I kept thinking about all those people at the Union County Courthouse who had pleaded financial hardship. If America looks like anything, it looks like those people. Not only did Donald Trump lose the popular vote to Hillary Clinton, the vast majority of the American people simply didn’t bother to vote. There’s a reason why the Union County judiciary has to threaten people with “contempt of court” charges and $500 dollars fines to get them to show up in downtown Elizabeth once every three years. Contrary to what the orientation videos tell you, serving on a jury doesn’t feel like the cornerstone of American democracy. It feels dull, oppressive, and intellectually unengaging. It’s a lot like voting. If the vast majority of criminal cases never come to trial, real political power lies, not in our elected representatives, but on Wall Street, in the military industrial complex, and with that small group of very wealthy men who control the economy. As Chris Hedges once remarked, it’s impossible to vote against the interests of Goldman Sachs. It’s impossible to vote for universal, single payer healthcare. As a result, most of us have become alienated from the political process. We brag about how we don’t talk about politics or religion. We worry about our resumes, our mortgages, and about sending our children to the right schools, not about trying to abolish poverty or creating a truly just society. We don’t study history. We don’t read the Declaration of Independence or the United States Constitution. When asked to participate in the democratic process, most of us plead financial hardship. We have better things to do. We are a faceless, apolitical, amorphous mass.
For most of us, the election of a reality show demagogue to the Presidency will not significantly or immediately affect our lives. The United States is a complex, well-developed country with a disciplined workforce and a high level of education. A year from now things won’t feel much different. The economy won’t collapse. There won’t be a nuclear war. Donald Trump’s America will look a lot like Barack Obama’s America, but make no mistake. The clock is ticking. The foundation of what’s left of our civil society is beginning to erode.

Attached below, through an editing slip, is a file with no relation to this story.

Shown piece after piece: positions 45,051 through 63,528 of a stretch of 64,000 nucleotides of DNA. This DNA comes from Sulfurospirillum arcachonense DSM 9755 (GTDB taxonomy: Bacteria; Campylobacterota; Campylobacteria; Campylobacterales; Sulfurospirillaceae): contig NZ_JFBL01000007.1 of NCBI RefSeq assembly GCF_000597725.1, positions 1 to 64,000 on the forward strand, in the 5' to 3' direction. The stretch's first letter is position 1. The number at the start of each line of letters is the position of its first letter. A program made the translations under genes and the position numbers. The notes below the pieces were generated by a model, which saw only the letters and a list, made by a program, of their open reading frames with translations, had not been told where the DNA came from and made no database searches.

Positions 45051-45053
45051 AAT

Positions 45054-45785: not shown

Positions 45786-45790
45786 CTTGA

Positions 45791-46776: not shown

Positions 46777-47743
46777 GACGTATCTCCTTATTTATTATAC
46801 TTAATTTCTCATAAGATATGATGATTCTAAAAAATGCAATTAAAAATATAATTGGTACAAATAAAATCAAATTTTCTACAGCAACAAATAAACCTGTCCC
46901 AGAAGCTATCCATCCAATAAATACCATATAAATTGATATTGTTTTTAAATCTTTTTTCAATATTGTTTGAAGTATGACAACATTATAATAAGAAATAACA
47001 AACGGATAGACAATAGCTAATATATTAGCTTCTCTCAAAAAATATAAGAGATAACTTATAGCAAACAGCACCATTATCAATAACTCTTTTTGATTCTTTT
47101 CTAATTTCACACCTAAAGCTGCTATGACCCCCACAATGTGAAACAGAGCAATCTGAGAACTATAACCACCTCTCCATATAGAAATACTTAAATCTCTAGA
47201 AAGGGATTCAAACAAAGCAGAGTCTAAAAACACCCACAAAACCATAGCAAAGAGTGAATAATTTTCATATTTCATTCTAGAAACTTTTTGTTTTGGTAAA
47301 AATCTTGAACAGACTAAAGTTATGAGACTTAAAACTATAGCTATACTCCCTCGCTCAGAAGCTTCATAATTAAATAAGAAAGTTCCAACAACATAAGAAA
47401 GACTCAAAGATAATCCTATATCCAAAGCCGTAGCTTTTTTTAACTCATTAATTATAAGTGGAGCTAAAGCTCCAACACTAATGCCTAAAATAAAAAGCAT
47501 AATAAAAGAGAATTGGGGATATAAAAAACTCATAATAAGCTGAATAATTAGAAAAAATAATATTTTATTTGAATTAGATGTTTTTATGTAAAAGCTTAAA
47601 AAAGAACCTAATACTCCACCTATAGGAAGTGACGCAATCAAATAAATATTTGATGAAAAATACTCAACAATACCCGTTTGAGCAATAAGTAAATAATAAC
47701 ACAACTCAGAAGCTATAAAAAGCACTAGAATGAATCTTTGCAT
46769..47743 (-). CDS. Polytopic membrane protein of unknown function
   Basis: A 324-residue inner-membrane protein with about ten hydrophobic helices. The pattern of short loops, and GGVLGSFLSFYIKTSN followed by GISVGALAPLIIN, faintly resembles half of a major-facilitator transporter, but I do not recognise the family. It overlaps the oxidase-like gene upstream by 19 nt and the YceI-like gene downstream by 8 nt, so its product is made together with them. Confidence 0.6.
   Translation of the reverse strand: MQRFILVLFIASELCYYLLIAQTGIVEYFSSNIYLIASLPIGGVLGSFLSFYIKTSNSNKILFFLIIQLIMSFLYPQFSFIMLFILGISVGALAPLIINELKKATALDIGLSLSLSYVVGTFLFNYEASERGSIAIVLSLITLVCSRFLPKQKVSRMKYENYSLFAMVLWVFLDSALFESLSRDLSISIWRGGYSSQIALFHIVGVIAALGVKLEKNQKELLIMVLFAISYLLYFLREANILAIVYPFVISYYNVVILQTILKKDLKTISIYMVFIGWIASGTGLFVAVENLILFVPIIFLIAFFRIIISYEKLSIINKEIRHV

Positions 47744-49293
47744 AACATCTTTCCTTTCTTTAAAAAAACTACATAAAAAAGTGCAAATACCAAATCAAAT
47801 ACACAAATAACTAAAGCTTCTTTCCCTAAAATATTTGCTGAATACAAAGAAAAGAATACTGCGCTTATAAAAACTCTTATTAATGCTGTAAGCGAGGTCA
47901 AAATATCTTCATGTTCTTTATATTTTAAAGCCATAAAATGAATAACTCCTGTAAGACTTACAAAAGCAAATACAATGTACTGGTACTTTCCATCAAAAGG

As a New Jerseyan, I feel uniquely qualified to predict what’s going to happen. Back in 2009, we elected out own Donald Trump, a vulgar, loud-mouthed bully named Chris Christie. He managed to appeal, not only to wealthy, white suburbanites who wanted him to dismantle the state’s powerful teacher’s unions, but to the media, who fell for his colorful, Tony Soprano tough guy act. For a while, it didn’t matter. The New Jersey of 2010 did not look significantly different from the New Jersey of 2009. The New Jersey of 2011 did not feel significantly different from the New Jersey of 2010. We got so complacent that the Democratic Party never even got around to supporting their own candidate in 2013, and effectively conceded him the election. Hey, he put his arm around Barack Obama. So maybe he wasn’t so bad. But the clock was ticking. The foundation of our civil society was beginning to erode. Eight years later, the New Jersey of 2017 feels very different from the New Jersey of 2009. New Jersey Transit, once the nation’s best commuter line, is now one of the worst. Christie not only canceled the new tunnel under the Hudson River, and put the money into the general transportation fund, effectively cashing in the 401K for short term expenses, it didn’t even work. He had to raise the gas tax to the same level as it is in New York and Pennsylvania anyway. Unemployment levels are far above the national average. Thirty seven percent of the state is now considered “working poor.” New Jersey could have probably weathered one term of Chris Christie. It couldn’t weather two.
The silver lining in the dark cloud that is the election of Donald Trump is how the President is now so clearly our enemy we can’t fool ourselves anymore. Barack Obama tricked us into thinking he was our friend. Trump scowled his way through his own inauguration. A frog, if put into a pot of cold water that is slowly heated will eventually boil. A frog thrown right into a pot of already boiling water will jump out and survive. We’ve just been thrown into that pot of boiling water, and we know it. Let’s jump.